Cracked neck on both sides of Les Paul... What to do?

Discussion in 'Other Guitars, other instruments' started by DrGnosis, May 21, 2019.

  1. DrGnosis

    DrGnosis TDPRI Member

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    Greetings Gentlemen...

    I just noticed that my '11 Les Paul is cracked lightly on both sides of the neck (see pictures). I have no clue when or how it happened. The two cracks don't come close to meeting each other, but they are in the same place on both sides of the neck.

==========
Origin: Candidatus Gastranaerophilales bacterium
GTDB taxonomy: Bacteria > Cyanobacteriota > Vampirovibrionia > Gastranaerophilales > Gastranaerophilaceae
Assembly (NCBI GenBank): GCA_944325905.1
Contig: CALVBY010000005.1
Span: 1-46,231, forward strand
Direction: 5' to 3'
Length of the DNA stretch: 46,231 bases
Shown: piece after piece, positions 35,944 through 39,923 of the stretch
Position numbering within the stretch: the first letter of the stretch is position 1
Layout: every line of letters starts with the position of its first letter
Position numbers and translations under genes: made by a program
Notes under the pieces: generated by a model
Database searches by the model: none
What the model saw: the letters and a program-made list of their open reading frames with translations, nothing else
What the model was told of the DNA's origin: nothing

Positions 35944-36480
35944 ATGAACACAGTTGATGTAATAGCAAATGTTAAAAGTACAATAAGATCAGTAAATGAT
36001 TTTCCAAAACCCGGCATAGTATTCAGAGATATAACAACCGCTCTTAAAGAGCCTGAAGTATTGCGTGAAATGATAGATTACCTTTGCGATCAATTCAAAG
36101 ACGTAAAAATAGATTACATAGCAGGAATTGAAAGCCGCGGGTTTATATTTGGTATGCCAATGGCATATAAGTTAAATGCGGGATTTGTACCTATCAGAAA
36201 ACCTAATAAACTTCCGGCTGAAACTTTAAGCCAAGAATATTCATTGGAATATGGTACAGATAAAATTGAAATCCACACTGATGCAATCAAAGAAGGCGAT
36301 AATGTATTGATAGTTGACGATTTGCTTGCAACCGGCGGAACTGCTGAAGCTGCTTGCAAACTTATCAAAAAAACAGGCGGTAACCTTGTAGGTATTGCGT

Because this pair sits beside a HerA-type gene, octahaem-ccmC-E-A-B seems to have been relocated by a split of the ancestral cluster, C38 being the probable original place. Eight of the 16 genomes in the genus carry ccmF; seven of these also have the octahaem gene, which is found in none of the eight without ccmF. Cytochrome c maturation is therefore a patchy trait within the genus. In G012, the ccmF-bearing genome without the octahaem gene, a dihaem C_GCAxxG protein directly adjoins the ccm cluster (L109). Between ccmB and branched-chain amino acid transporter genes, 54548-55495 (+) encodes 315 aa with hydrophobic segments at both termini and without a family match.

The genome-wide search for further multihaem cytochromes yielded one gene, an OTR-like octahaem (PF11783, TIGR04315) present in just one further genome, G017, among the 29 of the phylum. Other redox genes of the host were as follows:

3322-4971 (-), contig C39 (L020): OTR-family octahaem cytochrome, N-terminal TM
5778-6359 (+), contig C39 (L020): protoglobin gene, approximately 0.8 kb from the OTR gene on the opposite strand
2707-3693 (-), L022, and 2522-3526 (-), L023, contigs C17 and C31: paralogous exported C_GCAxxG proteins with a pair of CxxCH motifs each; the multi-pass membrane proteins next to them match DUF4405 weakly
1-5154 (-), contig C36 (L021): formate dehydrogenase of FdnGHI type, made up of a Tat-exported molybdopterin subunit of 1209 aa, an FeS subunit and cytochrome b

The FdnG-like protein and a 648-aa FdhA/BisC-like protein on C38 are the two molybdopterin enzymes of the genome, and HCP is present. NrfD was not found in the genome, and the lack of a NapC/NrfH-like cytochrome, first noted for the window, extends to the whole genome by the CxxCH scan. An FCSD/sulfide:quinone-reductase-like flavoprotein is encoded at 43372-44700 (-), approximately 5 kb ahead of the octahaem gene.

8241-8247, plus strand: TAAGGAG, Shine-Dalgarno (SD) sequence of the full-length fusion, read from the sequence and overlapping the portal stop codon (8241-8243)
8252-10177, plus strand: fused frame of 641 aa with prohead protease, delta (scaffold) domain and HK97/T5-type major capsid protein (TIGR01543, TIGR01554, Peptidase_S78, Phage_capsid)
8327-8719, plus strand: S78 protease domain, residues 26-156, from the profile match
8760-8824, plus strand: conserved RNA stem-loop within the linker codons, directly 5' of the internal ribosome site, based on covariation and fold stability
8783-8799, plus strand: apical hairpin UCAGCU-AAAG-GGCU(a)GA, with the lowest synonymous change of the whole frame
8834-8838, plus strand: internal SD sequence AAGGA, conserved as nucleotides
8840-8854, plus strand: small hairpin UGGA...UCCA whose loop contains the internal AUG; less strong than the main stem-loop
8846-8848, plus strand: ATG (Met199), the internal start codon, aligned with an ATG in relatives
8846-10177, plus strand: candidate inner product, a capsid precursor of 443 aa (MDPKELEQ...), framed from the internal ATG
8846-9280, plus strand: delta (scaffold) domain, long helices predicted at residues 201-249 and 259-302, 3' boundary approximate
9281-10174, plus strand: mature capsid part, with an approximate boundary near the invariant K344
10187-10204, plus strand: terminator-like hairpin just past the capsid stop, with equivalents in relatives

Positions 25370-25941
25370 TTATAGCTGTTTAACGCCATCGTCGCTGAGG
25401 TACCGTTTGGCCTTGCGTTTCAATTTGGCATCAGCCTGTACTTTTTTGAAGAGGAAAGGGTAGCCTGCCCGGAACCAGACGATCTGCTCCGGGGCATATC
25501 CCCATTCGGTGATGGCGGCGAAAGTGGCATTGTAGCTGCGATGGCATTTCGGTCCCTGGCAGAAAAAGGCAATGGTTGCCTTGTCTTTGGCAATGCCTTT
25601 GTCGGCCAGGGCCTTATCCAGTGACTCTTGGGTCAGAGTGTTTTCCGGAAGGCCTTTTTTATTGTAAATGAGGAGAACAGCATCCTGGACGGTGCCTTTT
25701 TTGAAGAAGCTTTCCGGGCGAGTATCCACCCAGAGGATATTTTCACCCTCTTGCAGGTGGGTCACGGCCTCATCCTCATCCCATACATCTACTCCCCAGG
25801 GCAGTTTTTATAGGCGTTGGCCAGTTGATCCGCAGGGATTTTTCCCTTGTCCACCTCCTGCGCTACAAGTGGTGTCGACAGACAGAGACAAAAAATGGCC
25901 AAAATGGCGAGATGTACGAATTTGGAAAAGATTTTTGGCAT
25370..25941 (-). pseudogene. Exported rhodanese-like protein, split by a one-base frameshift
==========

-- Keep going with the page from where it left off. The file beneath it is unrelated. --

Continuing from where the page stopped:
I use this as my live guitar. Is this something that I should nip in the bud before it gets worse or just wait it out. Full disclosure: I LOVE this guitar.

    Any input, advice, or comments would be greatly appreciated.

    Thanks. IMG_20190521_100437.jpg IMG_20190521_100459.jpg
     
  2. Chunkocaster

    Chunkocaster Poster Extraordinaire

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    It looks like it will likely break off completely in the near future. I would get some glue in there and clamp it if you can. Does it open up more when pulling on the headstock?
     
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  3. El Marin

    El Marin Tele-Holic

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    Does it opens when you pull back the headstock?
     
  4. Milspec

    Milspec Friend of Leo's